Thursday, September 12, 2013

Trash Talk

The first week of the NFL season is in the books. And the trash talk has begun. I guess it's a lot easier to talk trash early in the season. There aren't many scoreboards for people to point at.

  • Seattle fans talking of buy bricks at the 49ers new stadium and inscribing them with phrases like "Go Hawks".
  • 49ers player Dixon posts a tweet calling Seattle the "She-Hawks".
  • Dallas Cowboys owner, Jerry Jones, and some players accuse the NY Giants of faking injuries to give themselves a breather.
  • Then the Giants' player in question responds with a crack about Jerry Jones having his son-in-law clean his glasses.
  • All this talk about whether the Packers, and Clay Matthews in particular, are "targeting" Colin Kaepernick. Then in the game Matthews hits Kaepernick with a late tackle and the 49ers coach, Jim Harbough, describes it as a slap.
  • Matthews responded in a media conference describing himself as "an awesome player... not dirty". I don't know if that last comment was Matthews just defending himself or if he was also taking a shot at division rival Ndamukong Suh who the NFL fined $100,000 this week for a late tackle.
and this is just after Week 1!!

Christians face some interesting decisions when it comes to sledging or trash talk. In many ways it's fun and part of the game. Players participate to gain a psychological edge over the opponents (ior just because they don't like them). Fans join in because it's one way that we can participate in the competition between teams. We're not on the field, but we can sure talk big. But sometimes this kind of talk is destructive and unGodly.

I taught a class last night on idolatry. I was basing my lesson on the first chapter of Mark Driscoll's book, "Who Do You Think You Are?" He uses an acronym for the word IDOLS. Without rehashing the entire lesson, his thoughts on O relate to this topic of trash talking.

O stands for the idea that sometimes we make idols out of our connection to Others. This is very evident in sports when our sense of self-worth often increases when our team wins. We take pride because the team I happened to randomly choose to follow happened to win this week, or this year. Therefore I am better than you.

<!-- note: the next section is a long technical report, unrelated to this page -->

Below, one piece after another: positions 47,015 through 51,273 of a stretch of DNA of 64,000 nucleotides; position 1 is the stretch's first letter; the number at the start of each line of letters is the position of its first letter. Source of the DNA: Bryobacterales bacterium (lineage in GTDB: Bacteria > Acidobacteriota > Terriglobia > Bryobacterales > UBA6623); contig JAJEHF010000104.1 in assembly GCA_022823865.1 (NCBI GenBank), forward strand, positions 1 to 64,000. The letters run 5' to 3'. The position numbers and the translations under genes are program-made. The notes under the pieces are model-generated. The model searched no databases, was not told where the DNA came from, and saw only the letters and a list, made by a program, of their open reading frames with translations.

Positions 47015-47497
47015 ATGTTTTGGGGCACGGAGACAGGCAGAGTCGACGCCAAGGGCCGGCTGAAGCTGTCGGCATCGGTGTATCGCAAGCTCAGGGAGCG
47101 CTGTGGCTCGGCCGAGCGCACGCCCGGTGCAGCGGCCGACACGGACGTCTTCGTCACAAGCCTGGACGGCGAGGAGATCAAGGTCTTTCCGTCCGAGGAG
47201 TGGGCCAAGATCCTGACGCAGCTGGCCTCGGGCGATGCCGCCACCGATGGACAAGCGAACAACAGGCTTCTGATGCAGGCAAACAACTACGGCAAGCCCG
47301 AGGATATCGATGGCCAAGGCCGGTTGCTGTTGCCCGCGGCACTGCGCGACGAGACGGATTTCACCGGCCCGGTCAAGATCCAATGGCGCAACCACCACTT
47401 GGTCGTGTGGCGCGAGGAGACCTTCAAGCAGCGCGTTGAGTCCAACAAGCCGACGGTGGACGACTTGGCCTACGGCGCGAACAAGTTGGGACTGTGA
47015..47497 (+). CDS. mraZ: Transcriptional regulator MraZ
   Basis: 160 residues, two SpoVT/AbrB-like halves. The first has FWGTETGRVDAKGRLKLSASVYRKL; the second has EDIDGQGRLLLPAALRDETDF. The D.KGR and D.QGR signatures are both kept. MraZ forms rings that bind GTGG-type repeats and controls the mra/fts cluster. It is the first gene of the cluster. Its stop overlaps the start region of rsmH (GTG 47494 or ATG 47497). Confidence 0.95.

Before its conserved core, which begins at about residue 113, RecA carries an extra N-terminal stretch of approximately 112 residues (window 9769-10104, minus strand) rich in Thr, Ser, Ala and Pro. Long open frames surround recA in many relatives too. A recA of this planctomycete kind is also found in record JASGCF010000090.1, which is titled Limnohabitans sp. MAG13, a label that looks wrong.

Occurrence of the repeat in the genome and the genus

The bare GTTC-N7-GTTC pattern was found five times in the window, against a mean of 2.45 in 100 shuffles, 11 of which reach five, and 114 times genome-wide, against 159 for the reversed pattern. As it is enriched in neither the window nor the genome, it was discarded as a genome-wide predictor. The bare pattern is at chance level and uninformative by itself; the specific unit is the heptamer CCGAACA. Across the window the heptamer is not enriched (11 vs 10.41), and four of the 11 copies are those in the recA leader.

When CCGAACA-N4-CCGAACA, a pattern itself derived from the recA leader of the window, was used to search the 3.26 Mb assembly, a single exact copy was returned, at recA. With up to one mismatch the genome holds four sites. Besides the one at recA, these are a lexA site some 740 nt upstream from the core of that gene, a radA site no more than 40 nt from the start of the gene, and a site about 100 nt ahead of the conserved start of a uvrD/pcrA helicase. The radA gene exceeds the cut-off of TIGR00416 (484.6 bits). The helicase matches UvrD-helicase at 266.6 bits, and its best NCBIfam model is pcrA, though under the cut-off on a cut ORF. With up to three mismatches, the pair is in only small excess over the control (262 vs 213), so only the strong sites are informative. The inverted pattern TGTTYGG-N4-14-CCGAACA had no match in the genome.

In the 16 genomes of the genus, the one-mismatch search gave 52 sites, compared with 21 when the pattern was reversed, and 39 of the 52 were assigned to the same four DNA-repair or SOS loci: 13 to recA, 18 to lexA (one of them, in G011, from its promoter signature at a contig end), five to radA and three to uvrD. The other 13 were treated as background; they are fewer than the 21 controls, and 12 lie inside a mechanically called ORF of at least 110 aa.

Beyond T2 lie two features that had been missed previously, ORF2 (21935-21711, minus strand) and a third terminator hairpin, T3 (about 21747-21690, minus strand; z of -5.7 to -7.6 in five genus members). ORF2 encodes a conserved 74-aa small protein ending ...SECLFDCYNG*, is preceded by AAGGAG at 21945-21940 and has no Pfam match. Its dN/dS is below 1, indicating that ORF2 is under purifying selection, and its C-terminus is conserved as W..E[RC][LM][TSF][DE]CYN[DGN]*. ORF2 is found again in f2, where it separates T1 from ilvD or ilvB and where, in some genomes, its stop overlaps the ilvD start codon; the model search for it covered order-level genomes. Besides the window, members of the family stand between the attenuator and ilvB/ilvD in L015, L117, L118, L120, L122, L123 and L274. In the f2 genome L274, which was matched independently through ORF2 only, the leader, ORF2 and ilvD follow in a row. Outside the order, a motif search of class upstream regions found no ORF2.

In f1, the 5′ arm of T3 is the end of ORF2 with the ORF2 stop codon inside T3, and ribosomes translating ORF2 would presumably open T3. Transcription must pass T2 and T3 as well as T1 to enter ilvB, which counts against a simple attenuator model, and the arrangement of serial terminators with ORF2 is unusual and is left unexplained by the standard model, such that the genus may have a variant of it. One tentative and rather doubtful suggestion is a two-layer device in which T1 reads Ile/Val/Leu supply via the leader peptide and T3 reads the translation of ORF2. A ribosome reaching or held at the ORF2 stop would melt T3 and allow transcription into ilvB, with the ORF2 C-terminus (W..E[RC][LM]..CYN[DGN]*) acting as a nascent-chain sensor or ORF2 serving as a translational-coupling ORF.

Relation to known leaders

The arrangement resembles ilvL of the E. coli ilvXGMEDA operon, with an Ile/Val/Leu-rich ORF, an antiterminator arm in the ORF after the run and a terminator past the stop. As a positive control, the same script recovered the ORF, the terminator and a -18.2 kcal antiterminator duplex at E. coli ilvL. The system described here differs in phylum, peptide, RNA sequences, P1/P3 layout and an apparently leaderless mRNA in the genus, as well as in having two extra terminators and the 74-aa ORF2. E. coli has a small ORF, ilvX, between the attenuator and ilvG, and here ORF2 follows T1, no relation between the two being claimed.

Driscoll makes this statement,

"While it is good to have community, we often turn this good thing into a bad thing by basing our identity on and idolizing our tribes. If you idolize your tribe, you will also demonize other tribes.

This past weekend also marked the first week of finals (playoffs) in AFL (Australia). I'm very happy to report that "my team" (Carlton) won. Making it even better was that Carlton only made the finals (playoffs) because traditional rival Essendon was eliminated from the finals by the league for their "supplements scandal". Then making the weekend even better is that Collingwood, the other traditional major rival of Carlton, lost! It's just a nice feeling.

It's so easy to get caught up in the roles the football culture imposes upon fans and rub their defeats and disappointments in the faces of Collingwood and Essendon supporters.

But I am so thankful for the example of my grandfather. I truly believe he rescued me from a life of fanaticism. He was a Collingwood supporter, but he is also one of the gentlest men I've known.

One weekend after his team had beaten mine in a huge game with finals implications I was still running on adrenaline (yes, just from watching it on TV) and really expecting him to act like crazy fans on TV and gloat about their victory. Instead, he just commented that it was good game and he knew how disappointing it was to lose that one.

The grace he gave to me completely took the wind out of my sails. I'm not saying that I always match his example. I still like to gloat at times. I mean, I now live near Buffalo where the Bills always lose. If I waited for them to win to say something...!!

By all means Christians should enjoy the banter that comes with supporting a sports team, but lets keep it lighthearted. Let's "Love our neighbours as ourselves". And let's remember that "A gentle response defuses anger, but a sharp tongue kindles a temper-fire."

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